by Freq | 2017-12-22T15:55:08+00:000000000831201712 15:55
Kept underground by the Soviets for too many years, Yuri Morozov‘s legacy is finally spreading its wings and flying into your ears. His Inexplicable and Human Extinction albums house some of the most unhinged electronic experiences I’ve tasted for a long while, and this teasing compilation from Buried Treasure scoops a lot of the same, whilst getting fruity with the progressive tinkles.
An eclectic approach that opens your mind like a cleavered melon, especially when the Serbian yodelling comes into play. This baby navigates some groovesome new age utopias and dizzy prog sensibilities. Comparisons like Magma and Goblin slide into focus, but the merchandise here is firing off in a dazzling myriad of punches and tone-torn somersaults to be nicely pigeonholed, and I wouldn’t want it any other way.The sound creeps in there, a touch of the familiar, fluid basslines and hawking percussive rhythms mixing with spritely splinters and space-age spiritualism until you are hijacked by the tonal extremes, a musique concrète that’s playfully pawed on “Machine Dancing”, sounding like radiophonic torture of R2D2. Some bits sound so modern, whilst others feel like they are still revelling in a ’70s coma of excess, then you’ve got the contrasting smooch of “Avida”, all plaintive twinkle and sweet synthesis. An olive branch that extends to the balalaika majestics of “Blue Star Wander”, the gentle bubblings of the title track – all hinting at Yuri’s classical leanings – that sense of enlightenment flickering steadily through. But for me it’s the more out-there tracks that light up my cranium. The metallic conversations of “Return To Atlantis” bringing to mind Forbidden Planet‘s traipsing tones and wiggly worms of intrigue. The jazzing fizz and tri-active crispiness that is “For Sadly All”, whose keylined tractions chromatically slide a slur of Russian. A vibe that holds to a pulsing itch, mirages into a menacing vocode that gets all weirdly soul brother before “Algamaguma” plunks out the crown jewels in a throat-sung deluxe of karateing undercuts and ninja(ing) Cyrillics. (Probably my second favourite track of the year too.)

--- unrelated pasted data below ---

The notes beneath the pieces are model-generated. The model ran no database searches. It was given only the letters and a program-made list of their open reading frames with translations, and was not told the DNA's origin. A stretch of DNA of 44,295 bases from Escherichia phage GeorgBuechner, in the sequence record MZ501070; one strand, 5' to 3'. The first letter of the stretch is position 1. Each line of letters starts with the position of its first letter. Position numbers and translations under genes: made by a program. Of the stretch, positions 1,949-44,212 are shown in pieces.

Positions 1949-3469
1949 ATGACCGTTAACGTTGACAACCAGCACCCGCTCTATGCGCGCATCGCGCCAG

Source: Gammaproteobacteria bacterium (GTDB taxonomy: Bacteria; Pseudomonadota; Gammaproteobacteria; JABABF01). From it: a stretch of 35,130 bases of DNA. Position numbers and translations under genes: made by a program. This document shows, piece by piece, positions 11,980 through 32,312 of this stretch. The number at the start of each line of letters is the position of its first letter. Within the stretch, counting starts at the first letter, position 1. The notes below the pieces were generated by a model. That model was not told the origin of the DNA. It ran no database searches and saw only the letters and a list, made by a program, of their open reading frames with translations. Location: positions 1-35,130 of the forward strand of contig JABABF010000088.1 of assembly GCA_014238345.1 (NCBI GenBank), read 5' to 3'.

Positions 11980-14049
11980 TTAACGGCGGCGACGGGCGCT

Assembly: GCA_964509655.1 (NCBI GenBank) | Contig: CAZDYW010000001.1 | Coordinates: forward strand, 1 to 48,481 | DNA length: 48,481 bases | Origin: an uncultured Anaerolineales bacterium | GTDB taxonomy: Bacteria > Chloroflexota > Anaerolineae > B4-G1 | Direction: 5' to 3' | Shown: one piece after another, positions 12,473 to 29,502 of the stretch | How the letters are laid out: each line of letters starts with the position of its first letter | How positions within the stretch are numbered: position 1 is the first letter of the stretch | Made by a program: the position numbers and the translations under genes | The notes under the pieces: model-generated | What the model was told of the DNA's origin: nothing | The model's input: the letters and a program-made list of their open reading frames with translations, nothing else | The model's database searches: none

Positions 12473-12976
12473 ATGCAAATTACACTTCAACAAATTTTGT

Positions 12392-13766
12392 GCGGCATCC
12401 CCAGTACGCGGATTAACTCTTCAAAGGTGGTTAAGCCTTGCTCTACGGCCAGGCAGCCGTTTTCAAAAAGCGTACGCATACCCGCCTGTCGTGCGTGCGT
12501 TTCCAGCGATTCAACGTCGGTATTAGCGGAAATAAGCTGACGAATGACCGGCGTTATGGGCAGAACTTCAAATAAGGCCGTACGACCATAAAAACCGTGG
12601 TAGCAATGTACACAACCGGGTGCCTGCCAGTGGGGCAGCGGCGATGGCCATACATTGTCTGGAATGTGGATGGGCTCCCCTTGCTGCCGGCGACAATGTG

You could say this packs plenty of surprises, but the Laibach vs James Brown boxing match of “Shall Come Forth The Demons” is something else, blunderbusting its curvaceousness in a raspy saw-tooth buzz. Closely followed by the glam-rock oddity that is “Ein, Zwei”, a whacked-out burn of Circle-esque theatrics that ends with your still beating heart glistening to its manic farewells, Aztec style.
Strange Angels is a Molotov of colourful explosion and exploration that hints at the joys still waiting to be unearthed.
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